The noodles are the thickest in town and a little chewy, giving them an enjoyable, pasta-like quality. Toppings are less forthcoming than might be hoped, so definitely drop the fifty cents to get a scoop of fried garlic chili oil. Michi, if you are reading this, any chance you could sell that stuff by the jar?
Michi flew a ramen chef out from Japan to spill his secrets, and the result pays off. A Michi dish may not come with all of the extra entertainment of the all-you-can-eat shrimp and steak buffet across the street, but it pleases the body in the soul-warming kind of way.
East Side King @ Hole in the Wall
Paul Qui's latest East Side King at the Hole in the Wall goes the opposite direction with the Japanese classic. Rather than strive for Tokyo street corner cart authenticity, Qui plays with the Ramen base to make new flavors, a trick he has been up to since the original ESK menu at the Grackle (although he has since stopped serving his ramen in the original, Styrofoam bowls).
Squid ink curry ramen broth comes out dark black with a flavor to match: a hearty, earthy fish sauce/squid ink/curry broth that coats your throat as it goes down. Add pieces of potato, squid and tomato, and you've made a concoction that's half ramen, half witch's brew, and undeniably tasty on a winter's day.
A little further down the unique scale is the chicken tortilla ramen, which mixes chicken thigh with avocado and jalapenos with cilantro. Sapporo beer bacon miso ramen comes topped with a haunting layer of beer foam, meaning that you don't know what you'll find when you stick your chopsticks in it. If you're smart, you'll find the soft boiled egg you added to your bowl that manages to ooze yolk even when submerged in soup.
It's hard to argue with bacon flavored broth, but the original flavors have so much to offer that it would be nice to see Qui's expert hand put together a tonkotsu bowl for the undergrad masses. But on a Saturday night, beer in hand, band blaring on the inside stage, we don't think anyone will complain.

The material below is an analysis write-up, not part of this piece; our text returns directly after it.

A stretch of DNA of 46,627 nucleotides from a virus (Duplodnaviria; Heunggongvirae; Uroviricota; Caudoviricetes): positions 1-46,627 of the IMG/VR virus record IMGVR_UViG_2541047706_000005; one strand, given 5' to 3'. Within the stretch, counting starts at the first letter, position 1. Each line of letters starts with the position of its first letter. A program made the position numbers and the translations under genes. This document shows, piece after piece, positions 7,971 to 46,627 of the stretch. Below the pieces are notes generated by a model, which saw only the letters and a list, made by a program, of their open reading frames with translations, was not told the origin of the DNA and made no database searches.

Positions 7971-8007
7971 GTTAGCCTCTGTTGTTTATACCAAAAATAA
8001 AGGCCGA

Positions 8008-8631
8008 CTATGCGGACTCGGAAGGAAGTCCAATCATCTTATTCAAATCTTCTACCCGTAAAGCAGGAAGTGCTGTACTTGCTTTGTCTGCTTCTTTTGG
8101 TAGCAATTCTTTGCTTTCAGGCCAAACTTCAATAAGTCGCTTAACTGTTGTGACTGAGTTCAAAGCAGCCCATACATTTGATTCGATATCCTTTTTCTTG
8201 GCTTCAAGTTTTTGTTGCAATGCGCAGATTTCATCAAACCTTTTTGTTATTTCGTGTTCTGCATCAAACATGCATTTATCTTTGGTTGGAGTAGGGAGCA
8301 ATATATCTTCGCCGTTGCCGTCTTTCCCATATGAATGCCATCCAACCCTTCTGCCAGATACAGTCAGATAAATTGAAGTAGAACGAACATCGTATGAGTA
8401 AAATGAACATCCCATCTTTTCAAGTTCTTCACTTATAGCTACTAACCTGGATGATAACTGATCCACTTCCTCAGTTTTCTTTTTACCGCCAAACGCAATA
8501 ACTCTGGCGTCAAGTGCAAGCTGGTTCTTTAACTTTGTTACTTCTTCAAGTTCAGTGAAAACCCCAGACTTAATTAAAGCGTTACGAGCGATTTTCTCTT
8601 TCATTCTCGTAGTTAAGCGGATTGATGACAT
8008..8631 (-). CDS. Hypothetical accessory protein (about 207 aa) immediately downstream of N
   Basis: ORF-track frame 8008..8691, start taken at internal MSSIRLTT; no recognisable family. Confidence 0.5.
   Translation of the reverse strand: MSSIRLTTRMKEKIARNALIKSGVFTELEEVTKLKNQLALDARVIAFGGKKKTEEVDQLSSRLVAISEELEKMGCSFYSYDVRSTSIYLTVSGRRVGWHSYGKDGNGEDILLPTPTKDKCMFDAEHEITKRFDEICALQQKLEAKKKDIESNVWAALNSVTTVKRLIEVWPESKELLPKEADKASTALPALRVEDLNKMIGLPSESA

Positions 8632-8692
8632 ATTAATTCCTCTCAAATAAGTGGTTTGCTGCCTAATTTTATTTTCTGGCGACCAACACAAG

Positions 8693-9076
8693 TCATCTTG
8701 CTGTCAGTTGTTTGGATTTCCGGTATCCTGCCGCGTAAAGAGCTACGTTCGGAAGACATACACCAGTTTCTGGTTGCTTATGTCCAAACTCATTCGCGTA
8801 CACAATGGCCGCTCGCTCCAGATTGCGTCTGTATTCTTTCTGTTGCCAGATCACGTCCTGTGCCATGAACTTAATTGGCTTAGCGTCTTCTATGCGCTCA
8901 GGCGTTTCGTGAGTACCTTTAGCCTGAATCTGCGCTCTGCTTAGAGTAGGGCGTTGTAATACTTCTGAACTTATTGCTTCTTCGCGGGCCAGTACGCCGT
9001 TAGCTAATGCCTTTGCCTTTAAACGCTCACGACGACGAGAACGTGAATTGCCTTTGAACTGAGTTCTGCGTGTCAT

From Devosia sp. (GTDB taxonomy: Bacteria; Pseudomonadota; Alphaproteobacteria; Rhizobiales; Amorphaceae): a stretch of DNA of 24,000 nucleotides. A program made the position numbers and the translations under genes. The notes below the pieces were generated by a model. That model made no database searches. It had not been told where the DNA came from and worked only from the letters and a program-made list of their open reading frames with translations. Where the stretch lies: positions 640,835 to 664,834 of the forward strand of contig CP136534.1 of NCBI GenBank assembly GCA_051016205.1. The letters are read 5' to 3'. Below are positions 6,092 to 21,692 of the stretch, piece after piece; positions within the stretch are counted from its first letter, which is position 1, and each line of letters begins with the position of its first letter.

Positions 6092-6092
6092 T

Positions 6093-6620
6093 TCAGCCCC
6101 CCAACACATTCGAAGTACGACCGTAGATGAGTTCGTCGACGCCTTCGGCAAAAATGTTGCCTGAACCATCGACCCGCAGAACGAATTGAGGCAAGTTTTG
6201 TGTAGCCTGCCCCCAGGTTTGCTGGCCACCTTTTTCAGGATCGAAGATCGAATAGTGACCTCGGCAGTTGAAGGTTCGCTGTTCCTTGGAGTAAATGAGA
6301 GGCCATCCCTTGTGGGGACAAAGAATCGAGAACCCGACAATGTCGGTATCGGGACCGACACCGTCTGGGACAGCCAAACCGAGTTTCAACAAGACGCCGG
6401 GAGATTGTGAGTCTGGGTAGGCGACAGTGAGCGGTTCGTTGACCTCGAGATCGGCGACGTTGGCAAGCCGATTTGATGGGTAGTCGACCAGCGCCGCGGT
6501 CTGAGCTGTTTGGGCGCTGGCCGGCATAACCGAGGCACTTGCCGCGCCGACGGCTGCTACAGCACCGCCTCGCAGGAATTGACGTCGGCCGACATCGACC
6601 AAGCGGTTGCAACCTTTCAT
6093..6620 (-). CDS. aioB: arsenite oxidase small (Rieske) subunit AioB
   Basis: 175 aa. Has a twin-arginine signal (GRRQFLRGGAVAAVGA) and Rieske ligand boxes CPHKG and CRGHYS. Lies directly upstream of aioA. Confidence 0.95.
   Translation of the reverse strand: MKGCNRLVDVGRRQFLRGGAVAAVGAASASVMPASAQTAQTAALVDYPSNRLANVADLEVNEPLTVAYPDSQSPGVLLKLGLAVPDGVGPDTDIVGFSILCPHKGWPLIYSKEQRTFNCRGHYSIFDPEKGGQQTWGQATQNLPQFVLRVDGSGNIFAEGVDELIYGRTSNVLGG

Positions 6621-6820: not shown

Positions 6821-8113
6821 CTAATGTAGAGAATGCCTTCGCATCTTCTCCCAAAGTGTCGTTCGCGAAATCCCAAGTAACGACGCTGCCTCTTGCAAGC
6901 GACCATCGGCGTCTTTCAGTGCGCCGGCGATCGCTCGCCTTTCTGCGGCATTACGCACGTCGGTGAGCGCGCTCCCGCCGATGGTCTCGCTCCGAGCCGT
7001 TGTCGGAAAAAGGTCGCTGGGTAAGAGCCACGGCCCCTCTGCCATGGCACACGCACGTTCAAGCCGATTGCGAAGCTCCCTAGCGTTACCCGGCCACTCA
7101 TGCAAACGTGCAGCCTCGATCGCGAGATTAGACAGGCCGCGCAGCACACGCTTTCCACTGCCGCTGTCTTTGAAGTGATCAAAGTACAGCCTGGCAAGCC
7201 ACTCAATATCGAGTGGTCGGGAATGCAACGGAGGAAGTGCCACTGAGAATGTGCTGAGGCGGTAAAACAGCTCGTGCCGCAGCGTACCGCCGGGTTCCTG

Since expanding from the well-loved Sushi-A-Go-Go trailer to the full-fledged Japanese restaurant on Airport Blvd., Komé has been winning over Austin with a neighborhood vibe that puts out city-best food. Ramen is on the lunch menu, but so are a host of other Japanese favorites such as grilled mackerel and sushi that make it hard to go with the noodle bowl, all things considered.
On the tonkotsu, the broth is on the light side, definitely more watery than milky, which means the flavor is enjoyable, but lacking punch. The hefty helping of toppings pick up the weight, as mustard greens, bamboo shoots, pickled ginger and nori (seaweed) add the strong flavors the broth is missing. As a bonus, the fall-to-stringy-pieces-in-your-mouth pork belly is actually edible with chopsticks, and its indulgent flavor easily makes it the highlight of the bowl.
House made gyoza (pork dumplings) come recommended, and they're wonderfully light and fresh, going heavier on the vegetables and garlic than the meat. But they're the perfect example of the skill of Kome's kitchen and why I'll continue to order from the rest of the menu during lunchtime.
Maruchan Instant Lunch
Having eaten the best bowls of Ramen in Austin, it was time to revisit my old friend: instant ramen. I must have eaten 300 bowls of this stuff in college.
Personally, I like the instant ramen where you have to open the little packet and sprinkle on the flavoring yourself (you feel more accomplished this way), but Maruchan Instant Lunch (all that was available at Monarch Food Mart) comes pre-sprinkled. Disappointing.
As far as spiced water goes, Maruchan was just as good as I remember in college, which is good enough for something costing less than a handful of nickels. The random corn pieces were a nice touch, as were the random peas. All in all, not as bad as I feared. Well done, Maruchan. Well done.